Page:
completed and will officially reopen this spring. Although the site is much smaller than in Turner’s day, the design has been informed by a drawing (left) made by William Havell in 1814 shortly after the house was built. e informal planting scheme has been a careful balancing act, looking at both historical precedent and today’s horticultural conditions. Spring will see a variety of historical bulbs including varieties of ‘broken’ or Rembrandt tulips, followed in May and June by roses chosen for their sweet scent and pink and white petals. See www.turnershouse.org. HISTORIC GARDENS Review

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Fighting for Authenticity What is authenticity and how far should we pursue it? If a park or garden was designed by a famous landscaper but has matured and evolved over the years, do you simply keep it refreshed or do you strip it back to the original design? This perennial dilemma is nicely illustrated by a controversy that has broken out in the affluent town of New Canaan, Connecticut, which is the fortunate possessor of an Olmsted park. In the early years of the last century Lewis Lapham, the founder of the Texaco oil company, acquired the Waveny estate in New Canaan, building a large mansion and calling in John Charles Olmsted (one of the sons of the designer of Central Park, NY) to design the gardens. In 1967, Lapham’s daughter, Ruth Lapham Lloyd, gave the gardens to the municipality to be a public park, and the citizens now regard it as one of the town’s major assets.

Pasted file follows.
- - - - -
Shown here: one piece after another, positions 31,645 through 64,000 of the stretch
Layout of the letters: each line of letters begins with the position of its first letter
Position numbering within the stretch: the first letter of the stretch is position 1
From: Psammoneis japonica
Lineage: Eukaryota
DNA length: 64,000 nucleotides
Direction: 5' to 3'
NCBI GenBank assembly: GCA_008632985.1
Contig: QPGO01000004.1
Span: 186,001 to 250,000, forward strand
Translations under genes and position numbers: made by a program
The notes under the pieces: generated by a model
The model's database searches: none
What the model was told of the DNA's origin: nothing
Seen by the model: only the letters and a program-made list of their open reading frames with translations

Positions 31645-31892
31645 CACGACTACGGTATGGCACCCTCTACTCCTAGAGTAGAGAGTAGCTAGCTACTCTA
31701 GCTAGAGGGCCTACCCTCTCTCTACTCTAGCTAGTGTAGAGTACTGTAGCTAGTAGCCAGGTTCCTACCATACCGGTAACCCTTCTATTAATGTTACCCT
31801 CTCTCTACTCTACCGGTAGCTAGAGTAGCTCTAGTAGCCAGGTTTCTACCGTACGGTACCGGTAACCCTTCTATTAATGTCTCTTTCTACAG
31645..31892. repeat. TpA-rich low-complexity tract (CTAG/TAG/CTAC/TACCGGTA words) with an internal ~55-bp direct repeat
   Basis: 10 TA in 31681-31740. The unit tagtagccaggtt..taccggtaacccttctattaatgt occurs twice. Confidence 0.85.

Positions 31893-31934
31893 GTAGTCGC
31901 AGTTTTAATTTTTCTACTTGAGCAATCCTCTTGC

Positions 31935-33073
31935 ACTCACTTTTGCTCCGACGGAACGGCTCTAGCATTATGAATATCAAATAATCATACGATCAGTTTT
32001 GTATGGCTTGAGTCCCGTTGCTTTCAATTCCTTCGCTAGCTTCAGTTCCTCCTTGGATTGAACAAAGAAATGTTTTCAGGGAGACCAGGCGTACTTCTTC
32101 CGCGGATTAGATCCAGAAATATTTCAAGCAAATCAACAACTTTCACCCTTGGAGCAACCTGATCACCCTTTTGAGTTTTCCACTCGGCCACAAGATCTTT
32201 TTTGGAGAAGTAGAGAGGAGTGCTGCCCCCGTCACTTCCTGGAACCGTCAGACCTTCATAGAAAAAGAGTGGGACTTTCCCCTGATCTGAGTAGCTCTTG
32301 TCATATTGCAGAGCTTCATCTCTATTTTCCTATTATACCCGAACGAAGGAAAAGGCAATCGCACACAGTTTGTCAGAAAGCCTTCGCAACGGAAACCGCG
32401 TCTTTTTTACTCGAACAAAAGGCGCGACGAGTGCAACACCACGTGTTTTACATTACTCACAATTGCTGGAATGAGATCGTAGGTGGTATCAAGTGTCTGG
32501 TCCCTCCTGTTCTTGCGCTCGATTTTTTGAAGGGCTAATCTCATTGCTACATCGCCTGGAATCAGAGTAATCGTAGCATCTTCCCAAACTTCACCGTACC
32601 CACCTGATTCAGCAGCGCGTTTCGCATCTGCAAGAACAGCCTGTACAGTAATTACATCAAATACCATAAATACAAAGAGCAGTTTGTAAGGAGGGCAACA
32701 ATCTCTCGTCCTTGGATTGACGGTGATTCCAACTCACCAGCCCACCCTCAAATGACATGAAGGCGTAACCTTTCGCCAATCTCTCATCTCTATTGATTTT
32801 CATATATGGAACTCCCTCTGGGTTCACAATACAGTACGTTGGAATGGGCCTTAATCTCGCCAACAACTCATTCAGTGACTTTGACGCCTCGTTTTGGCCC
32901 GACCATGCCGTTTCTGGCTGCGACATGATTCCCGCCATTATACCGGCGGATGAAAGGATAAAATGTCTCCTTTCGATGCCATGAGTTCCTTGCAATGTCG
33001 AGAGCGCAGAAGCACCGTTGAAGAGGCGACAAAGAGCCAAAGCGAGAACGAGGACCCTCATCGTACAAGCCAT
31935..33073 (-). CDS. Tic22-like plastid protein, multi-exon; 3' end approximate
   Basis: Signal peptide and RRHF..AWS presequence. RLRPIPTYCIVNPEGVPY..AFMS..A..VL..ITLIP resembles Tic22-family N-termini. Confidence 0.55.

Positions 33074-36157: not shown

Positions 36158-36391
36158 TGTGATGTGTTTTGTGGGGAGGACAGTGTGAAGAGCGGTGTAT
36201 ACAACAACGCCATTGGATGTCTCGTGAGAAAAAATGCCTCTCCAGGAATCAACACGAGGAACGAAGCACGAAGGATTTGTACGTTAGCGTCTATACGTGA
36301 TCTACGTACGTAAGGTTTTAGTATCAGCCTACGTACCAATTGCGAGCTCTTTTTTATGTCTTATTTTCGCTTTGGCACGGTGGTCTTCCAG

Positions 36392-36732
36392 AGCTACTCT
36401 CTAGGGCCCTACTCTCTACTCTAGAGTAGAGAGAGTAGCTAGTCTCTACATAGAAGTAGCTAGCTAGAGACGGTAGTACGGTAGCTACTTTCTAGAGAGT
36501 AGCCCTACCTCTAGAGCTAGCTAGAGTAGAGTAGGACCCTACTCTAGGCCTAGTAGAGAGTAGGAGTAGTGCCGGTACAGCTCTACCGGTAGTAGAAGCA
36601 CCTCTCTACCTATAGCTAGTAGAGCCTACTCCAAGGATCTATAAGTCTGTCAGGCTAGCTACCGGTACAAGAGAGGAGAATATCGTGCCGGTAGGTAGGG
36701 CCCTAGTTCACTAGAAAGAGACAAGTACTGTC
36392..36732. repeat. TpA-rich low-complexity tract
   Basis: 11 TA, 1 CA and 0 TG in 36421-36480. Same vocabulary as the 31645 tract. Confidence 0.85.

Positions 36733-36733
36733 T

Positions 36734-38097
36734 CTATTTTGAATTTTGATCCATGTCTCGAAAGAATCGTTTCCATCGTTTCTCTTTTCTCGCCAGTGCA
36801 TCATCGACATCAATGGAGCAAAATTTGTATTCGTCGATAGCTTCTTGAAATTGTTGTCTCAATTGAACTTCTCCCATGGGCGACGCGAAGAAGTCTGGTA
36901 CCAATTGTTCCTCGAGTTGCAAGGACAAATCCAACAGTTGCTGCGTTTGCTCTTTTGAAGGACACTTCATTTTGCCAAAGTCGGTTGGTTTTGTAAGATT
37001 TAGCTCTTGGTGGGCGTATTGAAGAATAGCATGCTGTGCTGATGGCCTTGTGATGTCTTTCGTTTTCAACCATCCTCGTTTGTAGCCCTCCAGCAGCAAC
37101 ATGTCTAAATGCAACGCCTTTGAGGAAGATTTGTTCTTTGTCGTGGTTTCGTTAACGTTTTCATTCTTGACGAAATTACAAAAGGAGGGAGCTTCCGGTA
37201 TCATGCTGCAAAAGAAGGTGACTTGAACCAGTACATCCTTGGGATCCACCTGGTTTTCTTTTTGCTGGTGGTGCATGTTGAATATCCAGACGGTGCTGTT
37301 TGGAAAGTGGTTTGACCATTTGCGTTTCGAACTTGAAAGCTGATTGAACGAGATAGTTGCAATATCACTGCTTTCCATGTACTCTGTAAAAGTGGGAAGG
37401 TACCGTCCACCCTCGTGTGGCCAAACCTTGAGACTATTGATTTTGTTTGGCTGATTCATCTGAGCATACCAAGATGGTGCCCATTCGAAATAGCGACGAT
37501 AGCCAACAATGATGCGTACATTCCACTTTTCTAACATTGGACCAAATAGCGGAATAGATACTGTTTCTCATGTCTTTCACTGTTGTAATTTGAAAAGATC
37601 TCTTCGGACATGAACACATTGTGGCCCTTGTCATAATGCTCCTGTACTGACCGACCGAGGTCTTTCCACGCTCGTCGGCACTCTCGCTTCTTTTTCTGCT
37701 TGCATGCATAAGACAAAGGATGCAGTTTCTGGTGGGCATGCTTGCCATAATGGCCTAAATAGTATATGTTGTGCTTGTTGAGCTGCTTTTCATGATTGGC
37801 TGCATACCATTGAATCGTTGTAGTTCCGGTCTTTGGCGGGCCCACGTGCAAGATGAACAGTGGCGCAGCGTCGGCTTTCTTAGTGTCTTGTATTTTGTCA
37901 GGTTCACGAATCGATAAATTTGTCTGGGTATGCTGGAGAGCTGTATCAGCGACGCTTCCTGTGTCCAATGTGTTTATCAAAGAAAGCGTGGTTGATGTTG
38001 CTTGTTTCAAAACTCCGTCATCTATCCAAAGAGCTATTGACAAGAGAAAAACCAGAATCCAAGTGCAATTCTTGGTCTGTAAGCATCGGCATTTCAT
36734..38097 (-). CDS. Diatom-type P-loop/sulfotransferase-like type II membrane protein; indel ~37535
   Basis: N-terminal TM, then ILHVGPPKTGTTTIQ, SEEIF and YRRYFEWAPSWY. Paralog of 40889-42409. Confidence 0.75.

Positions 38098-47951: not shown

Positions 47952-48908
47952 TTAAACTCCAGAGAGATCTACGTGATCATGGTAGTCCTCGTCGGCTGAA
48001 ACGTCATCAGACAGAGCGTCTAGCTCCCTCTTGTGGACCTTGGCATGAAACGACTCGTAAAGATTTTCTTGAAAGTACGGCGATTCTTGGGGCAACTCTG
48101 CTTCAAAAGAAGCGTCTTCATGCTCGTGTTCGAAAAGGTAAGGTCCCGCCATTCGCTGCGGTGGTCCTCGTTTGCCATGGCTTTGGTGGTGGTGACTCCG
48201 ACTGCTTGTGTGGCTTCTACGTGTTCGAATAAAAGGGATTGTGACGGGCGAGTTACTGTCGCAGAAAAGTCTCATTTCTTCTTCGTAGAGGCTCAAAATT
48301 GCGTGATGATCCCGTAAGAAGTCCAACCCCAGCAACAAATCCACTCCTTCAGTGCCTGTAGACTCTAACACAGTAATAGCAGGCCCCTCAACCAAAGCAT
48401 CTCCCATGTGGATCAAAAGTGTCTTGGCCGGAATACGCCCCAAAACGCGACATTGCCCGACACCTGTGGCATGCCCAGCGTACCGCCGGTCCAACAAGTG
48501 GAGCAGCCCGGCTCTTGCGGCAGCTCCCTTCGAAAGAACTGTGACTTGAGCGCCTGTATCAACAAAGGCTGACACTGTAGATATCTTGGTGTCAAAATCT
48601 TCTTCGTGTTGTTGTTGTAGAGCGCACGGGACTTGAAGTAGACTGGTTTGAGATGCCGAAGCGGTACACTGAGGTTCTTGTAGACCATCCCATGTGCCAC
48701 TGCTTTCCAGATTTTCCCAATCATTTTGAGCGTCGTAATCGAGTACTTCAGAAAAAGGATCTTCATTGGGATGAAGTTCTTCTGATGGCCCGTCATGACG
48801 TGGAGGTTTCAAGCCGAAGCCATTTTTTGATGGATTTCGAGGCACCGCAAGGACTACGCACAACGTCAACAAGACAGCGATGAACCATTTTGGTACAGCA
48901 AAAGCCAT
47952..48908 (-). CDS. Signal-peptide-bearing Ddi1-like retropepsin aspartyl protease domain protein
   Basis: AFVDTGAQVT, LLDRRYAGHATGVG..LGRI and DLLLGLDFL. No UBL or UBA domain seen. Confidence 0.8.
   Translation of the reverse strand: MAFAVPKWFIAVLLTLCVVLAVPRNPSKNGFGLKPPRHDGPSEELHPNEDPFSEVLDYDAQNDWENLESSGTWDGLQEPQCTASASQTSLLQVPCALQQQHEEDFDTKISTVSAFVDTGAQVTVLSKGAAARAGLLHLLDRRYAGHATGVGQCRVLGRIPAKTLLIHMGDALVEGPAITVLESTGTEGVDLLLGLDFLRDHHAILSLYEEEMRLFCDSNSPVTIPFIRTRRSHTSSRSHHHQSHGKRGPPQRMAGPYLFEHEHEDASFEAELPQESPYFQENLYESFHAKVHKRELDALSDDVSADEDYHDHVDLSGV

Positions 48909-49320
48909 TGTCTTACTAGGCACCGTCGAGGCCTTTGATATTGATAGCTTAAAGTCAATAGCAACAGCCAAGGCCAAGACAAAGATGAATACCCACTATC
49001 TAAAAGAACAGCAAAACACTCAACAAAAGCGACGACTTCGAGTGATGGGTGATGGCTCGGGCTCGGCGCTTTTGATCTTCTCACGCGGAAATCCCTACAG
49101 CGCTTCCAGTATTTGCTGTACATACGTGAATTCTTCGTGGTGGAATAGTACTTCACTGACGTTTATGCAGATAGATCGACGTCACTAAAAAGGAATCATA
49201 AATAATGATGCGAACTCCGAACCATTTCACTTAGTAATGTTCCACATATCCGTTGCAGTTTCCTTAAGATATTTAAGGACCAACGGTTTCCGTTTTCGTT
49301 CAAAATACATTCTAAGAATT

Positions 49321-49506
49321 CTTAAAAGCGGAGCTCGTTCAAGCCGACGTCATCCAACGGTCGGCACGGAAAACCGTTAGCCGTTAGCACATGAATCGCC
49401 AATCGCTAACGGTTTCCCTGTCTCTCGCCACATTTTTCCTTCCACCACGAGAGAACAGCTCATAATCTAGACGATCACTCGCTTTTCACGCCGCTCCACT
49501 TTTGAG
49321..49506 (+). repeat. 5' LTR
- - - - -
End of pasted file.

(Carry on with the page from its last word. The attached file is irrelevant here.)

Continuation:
Recently, the upper or ‘parterre garden’ was felt to be in need of remedial work and the New Canaan Garden Club produced a plan for the its redesign, involving new box trees and benches and some new shrubs in the north of the site. Pitted against the Club was a firm of landscape architects, Keith Simpson Associates, which proposed a return to the original Olmsted plans of 1914. The Club countered by pointing out that the gardens had been developed over the years by Mrs Lloyd with help from Olmsted’s successor practice. The National Association of Olmsted Parks urged caution, but in December 2017 the Town Council voted 7-3 in favour of the Simpson proposal. The bitter divisions over this restoration highlight the conflict so often confronting those with the care of historic parks and gardens.

Dairy Free? ere are sudden new signs of life at one of France’s most remarkable 18thcentury landscape gardens: Méréville, the country seat of marquis Jean-Joseph de Laborde, banker to the court of France, who met his end, like so many other great financiers, on the guillotine. e gardens of Méréville were begun in 1784 and largely designed by François-Joseph Bélanger, the architect of Bagatelle. In 1786 Bélanger was succeeded by the landscape painter and designer Hubert Robert, who, in close cooperation with the marquis and a host of architects and sculptors, developed many remarkable fabriques, most notably the Laiterie, or ornamental dairy, and its temple – a remarkable reconstitution of the Temple of Vesta at Tivoli. By the late 19th century Méréville

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had fallen on hard times, and many of its most remarkable architectural features – the Rostral Column, the temple, the cenotaph for Captain Cook, and the façade of the Laiterie – were transported to the nearby domain of Jeurre, where they remain. e photo (right) shows the Laiterie being rebuilt at Jeurre. After a long period of neglect the estate was purchased in 2000 by the Département of the Essonne, but restoration progressed only in fits and starts because of limited resources. In recent months, however, Méréville has been a hive of activity. In addition to a major planting campaign, the pathways have been reconstituted in their original positions, which has added a new sense of coherence to the site, and visually anchored its many